Misunderstanding Atheism . . . Again

Many Christians and religious believers have a hard time understanding what is atheism. The most common misconceptions are that it’s a belief system in and of itself, or that it is the assertion that there are no gods.
 
Despite repeated attempts of atheists to rebut these misconceptions, they still remain.
 
Case in point: Rev. Dr. Chris Surber’s opinion piece in the Suffolk News-Herald, “Modern Atheism is Not a Thing,” makes several mistakes in regard to what is atheism.
 
Surber begins by referencing the 18th-centrury philosopher David Hume and claims Hume’s lack of belief in miracles as a root cause of his atheism. Surber paints Hume’s atheism as logic-based and rooted in skepticism. I’m not too familiar with Hume’s work, but I mention this because Surber uses Hume to make a distinction between historical atheism and modern atheism, which is his first mistake.
 
Surber goes on to say, “Hume’s atheism was skepticism rooted in logic . . .but today’s atheism is something else altogether. It is above all else an active belief in the non-existence of God. It has passed from passive skepticism to active non-belief. It has become a belief itself. It is the belief that there is no God.”
 
Well, that couldn’t be more wrong. And while I’m sure there are some atheists who make the claim that no gods exist, the overwhelming majority of the atheists I read and follow make no such claim.
 
One can be reasonably certain the character Yahweh as described in the Bible doesn’t exist, but I’d be skeptical of someone who asserts with certainty that no gods exist anywhere now or ever.
 
The error — I think — Surber is making is equating outspokenness of many atheists with “active non-belief.”
 
He goes on to add — somewhat correctly — that “ . . . today’s atheism is really just a dislike, disapproval and denunciation of religious belief. It’s not atheism. It’s anti-theism, and that is a whole other thing.”
 
Well, yes and no. Many outspoken atheists like myself are indeed anti-theists. We see the harm religious belief causes and we refuse to remain silent. We stand up for separation of church and state and aggressively promote a worldview based in science, logic, reason and secularism.
 
But this isn’t a “new atheism.” It’s the same atheism, but one that’s more vocal — and possibly more aggressive — and that is what I think rubs people like Surber the wrong way.
 
Atheism in the past and in the present has always been the lack of belief in gods based on evidence provided. Full stop, end of story.

Why I admire the religious right

The religious right in America is something awesome to behold. No, really it is.

Here’s a group of people, with varying belief systems, who come together politically to get done what they want done.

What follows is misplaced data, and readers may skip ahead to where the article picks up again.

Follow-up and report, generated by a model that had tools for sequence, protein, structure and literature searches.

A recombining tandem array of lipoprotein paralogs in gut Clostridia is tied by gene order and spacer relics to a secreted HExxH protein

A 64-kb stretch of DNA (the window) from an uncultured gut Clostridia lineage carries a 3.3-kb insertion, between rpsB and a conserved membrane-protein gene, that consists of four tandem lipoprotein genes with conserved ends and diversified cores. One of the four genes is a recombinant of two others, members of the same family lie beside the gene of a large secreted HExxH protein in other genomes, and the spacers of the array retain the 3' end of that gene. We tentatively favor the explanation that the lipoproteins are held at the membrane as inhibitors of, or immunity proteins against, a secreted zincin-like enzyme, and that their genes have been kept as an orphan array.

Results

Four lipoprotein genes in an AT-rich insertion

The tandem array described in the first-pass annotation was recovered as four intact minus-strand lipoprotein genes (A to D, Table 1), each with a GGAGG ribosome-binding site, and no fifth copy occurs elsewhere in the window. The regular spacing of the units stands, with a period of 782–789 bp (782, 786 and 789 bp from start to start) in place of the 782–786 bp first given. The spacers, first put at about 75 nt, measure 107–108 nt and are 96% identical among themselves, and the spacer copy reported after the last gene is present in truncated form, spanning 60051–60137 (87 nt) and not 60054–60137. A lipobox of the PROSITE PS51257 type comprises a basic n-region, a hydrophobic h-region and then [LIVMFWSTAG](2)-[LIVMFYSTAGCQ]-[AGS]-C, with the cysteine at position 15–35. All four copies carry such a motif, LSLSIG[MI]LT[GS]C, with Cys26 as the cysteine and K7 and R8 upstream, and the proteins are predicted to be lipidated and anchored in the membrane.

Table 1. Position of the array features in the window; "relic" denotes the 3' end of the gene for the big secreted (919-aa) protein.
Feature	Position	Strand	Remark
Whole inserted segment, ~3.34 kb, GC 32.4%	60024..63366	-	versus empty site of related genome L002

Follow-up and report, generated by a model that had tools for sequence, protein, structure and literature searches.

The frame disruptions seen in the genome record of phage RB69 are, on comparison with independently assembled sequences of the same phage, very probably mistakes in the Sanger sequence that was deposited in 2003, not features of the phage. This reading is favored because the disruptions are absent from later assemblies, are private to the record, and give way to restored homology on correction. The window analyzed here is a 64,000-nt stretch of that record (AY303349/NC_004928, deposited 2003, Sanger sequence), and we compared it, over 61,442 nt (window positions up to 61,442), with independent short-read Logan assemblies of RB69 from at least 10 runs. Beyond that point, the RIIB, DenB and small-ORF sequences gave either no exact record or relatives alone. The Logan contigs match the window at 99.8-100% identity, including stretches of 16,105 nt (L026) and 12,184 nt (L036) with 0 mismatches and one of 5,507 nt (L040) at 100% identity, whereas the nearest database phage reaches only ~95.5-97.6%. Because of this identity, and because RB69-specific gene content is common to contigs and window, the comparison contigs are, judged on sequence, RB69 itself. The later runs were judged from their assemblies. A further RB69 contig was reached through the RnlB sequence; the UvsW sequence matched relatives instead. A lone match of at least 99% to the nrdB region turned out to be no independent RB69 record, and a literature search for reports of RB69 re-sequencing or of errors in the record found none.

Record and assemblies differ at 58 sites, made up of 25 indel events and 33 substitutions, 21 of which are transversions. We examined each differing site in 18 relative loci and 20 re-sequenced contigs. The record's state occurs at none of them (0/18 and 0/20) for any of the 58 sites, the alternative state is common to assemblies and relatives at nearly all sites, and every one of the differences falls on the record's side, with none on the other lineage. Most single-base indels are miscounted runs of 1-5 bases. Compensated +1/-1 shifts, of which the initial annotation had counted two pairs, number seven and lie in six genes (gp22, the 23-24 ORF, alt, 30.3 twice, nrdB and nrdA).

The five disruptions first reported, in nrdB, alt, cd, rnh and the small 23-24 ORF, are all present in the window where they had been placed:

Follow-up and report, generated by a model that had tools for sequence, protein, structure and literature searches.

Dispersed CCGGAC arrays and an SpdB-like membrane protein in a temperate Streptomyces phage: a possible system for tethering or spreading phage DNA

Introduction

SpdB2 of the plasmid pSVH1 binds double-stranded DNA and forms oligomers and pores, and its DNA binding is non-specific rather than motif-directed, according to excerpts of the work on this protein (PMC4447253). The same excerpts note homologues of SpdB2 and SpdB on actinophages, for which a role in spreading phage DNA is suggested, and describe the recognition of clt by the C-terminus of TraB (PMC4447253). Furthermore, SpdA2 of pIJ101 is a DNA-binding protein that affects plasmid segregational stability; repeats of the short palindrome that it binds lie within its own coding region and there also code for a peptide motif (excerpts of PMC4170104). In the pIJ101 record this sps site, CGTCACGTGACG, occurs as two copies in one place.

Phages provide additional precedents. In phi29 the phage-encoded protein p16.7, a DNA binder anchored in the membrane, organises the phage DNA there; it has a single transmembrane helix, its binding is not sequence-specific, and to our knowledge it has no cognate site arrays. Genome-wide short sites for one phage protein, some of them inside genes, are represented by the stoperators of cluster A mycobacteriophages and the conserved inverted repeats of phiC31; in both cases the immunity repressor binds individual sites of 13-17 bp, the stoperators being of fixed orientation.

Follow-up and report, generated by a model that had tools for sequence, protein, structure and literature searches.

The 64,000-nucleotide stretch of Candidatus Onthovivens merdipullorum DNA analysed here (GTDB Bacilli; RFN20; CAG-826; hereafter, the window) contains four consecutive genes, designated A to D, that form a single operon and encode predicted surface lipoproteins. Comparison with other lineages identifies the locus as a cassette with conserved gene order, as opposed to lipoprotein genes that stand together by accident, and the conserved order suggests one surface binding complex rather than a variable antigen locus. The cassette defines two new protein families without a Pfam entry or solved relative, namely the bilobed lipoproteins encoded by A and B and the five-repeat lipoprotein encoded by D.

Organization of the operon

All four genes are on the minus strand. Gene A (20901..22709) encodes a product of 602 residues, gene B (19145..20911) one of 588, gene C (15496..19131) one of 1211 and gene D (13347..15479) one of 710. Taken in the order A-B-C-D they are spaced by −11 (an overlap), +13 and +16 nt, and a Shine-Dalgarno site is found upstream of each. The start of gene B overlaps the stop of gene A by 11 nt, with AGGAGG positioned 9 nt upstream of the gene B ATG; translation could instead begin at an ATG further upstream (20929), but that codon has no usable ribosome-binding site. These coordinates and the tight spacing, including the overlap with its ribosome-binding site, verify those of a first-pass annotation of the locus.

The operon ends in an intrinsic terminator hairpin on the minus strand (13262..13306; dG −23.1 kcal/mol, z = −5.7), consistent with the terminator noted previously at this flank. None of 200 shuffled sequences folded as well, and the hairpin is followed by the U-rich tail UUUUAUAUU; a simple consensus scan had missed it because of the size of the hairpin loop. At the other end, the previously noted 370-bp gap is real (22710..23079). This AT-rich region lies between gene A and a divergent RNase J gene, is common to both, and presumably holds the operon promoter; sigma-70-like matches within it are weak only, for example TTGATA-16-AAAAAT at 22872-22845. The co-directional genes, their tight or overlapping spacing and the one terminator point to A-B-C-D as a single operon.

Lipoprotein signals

They’re to be admired because, not only are they prepared for the battles taking place today, they’re prepared for the battles that are going to take place ten years from now. They remind me of the ever patient Darth Sidious who planned, manipulated and moved pieces into place for years until he achieved his goals. He planned for the long haul.

Take the matter of abortion. It’s safe to say the overwhelming number of Christians are opposed to it, and they grew more vocal and active since Roe v. Wade. They’ve never come around, and never wavered in their opposition. For decades they persisted, voted, stayed the course, and now they might just get the right people on the Supreme Court to reverse it.

That’s admirable.

When I became an atheist, the New Atheists Movement was in full swing. It was a great time. We had charismatic characters like Christopher Hitchens to rally around, and from my perspective, I thought atheists/secularists would congeal into a political force that could go toe-to-toe with the dominionists/religious right.

I was wrong.

Some argue feminists and social justice warriors co-opted and poisoned the atheist movement while others say the movement drifted into the domain of the alt-right. Others, still, argue there never was an atheist movement.

Whatever the case, we just can’t get along and band together, and it was probably Pollyanna to think that we could.

And while so many of us are fighting amongst ourselves, the religious right is poised to get the keys to the whole thing.

This, of course, is all opinion and speculation mixed in with perhaps too much drink, which leads to too much melancholy. However, my fear is we who identify as secularists are going to wake up one day in an America where prayer is mandatory in public schools; where Christianity is the state religion; where we’re still burning fossil fuels as the planet grows ever warmer and where the all the social safety nets to help the disadvantaged have been shredded.

Then again, it’s entirely likely we’re going to wake up and see mushroom clouds blooming on the horizon.

Oink